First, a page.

If you have children then arranging for their needs to be met will be a big part of any divorce settlement. That means your divorce decree will have to include provisions for child support payments.
While the formula for calculating child support is fairly straightforward, some issues do arise, both during settlement negotiations and after the divorce is finalized. If you’re struggling with child support issues, the lawyers at family law of Edmonton can help.
How is Child Support Calculated in Alberta?
Courts use a fairly straightforward formula to calculate child support. The payee is usually the parent with primary care and control of the child, and the payor is usually the parent with access. The courts then look at the income of both parents and the number of children.
You can calculate your own base support amount by using the Federal child support tables. If custody is near 50/50, the courts will take the child support amount both parents would have owed, and subtract one from the other. The higher-earning parent pays the lower-earning parent the difference.
The tables aren’t always adequate, though. Some children have special needs or expenses. These can be negotiated between parents in the divorce settlement, but the court will almost never approve child support amounts lower than those provided for on the table. You can always negotiate for more money if there is a pressing need to do so.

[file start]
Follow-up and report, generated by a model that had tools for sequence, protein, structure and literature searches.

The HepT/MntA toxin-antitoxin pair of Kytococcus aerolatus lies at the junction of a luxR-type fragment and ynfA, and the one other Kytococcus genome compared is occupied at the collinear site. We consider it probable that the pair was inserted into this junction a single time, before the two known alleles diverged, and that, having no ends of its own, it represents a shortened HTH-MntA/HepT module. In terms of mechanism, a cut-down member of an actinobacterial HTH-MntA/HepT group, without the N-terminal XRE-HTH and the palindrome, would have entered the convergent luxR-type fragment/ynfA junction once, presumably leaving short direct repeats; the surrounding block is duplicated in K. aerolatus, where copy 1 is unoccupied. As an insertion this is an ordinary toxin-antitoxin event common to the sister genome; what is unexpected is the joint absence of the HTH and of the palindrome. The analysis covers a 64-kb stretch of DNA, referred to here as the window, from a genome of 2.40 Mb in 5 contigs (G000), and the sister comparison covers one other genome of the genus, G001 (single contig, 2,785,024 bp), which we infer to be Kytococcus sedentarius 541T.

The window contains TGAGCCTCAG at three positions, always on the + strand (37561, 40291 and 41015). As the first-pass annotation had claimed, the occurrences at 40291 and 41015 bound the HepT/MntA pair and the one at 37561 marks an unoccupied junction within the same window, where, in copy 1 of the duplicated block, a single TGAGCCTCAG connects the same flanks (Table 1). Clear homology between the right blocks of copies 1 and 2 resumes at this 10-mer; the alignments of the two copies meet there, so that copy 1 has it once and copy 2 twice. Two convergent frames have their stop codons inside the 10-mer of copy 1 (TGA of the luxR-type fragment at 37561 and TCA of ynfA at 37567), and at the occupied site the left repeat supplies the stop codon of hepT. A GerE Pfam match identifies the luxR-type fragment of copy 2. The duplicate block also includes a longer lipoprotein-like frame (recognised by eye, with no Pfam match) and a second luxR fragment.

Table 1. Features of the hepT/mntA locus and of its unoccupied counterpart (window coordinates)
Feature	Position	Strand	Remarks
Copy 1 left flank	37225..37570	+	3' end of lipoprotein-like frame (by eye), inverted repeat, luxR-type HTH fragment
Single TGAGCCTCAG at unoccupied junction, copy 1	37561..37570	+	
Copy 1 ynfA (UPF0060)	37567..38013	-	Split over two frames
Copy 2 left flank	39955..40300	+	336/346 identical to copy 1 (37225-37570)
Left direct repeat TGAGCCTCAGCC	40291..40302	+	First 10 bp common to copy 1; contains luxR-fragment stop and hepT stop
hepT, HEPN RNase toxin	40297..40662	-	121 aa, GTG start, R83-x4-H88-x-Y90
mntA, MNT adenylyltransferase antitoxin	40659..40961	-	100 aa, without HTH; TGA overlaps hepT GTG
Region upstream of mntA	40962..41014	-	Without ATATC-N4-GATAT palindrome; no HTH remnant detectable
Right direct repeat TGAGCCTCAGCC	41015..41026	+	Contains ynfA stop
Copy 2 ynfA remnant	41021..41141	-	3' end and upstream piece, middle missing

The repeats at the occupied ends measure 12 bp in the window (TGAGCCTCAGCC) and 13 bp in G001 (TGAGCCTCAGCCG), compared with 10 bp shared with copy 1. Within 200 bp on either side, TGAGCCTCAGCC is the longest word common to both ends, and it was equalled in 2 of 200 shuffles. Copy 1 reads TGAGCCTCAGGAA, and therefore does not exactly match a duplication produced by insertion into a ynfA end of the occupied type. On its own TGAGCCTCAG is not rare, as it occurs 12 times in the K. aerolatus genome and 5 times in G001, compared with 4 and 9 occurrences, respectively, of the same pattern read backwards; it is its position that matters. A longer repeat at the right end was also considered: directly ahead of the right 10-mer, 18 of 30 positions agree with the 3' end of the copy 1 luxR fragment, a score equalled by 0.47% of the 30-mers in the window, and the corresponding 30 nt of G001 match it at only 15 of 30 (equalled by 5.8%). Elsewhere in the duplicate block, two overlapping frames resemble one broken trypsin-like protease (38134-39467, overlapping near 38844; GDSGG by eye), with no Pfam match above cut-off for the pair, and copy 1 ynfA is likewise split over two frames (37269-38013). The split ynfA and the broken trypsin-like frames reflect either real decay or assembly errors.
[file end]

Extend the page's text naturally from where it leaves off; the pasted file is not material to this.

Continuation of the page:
How Long is Child Support Paid in Alberta?
Contrary to popular belief, child support does not terminate automatically when a child turns 18. Some children are entitled to support if they are enrolled in college. Some are entitled to ongoing support because they have physical and mental disabilities.
Your divorce decree will tell you when support will end or what provisions have been set up for ongoing support. If you’re not sure, contact your lawyer.
Note that the amount of child support may change as circumstances change. For example, if you or your spouse experience a change in income then you can petition the court for a child support modification.
Is Child Support Mandatory in Alberta?
Yes, each parent is legally obligated to provide financial support for their children. Even if you agree on a divorce settlement a judge will not approve it until the court is satisfied that adequate arrangements have been made.
Child support is a right that children maintain, and should not be seen as a payment made solely to the other parent. Courts believe children should be able to get the full benefit of the “financial means of both parents as if they were still together.”
Failing to pay child support will mean the province will step in. They may seize your tax refunds, suspend your passport, or take money from other sources like your employment insurance benefit. Parents who get too far behind may face jail time. If you’re having trouble paying child support you should turn to your divorce lawyer first, so that your lawyer can help you resolve the problem.
Get Help Today
Call (587) 689-3333 to schedule an appointment with one of our top-notch divorce lawyers. Our experienced family law lawyers can help you navigate complex child support issues.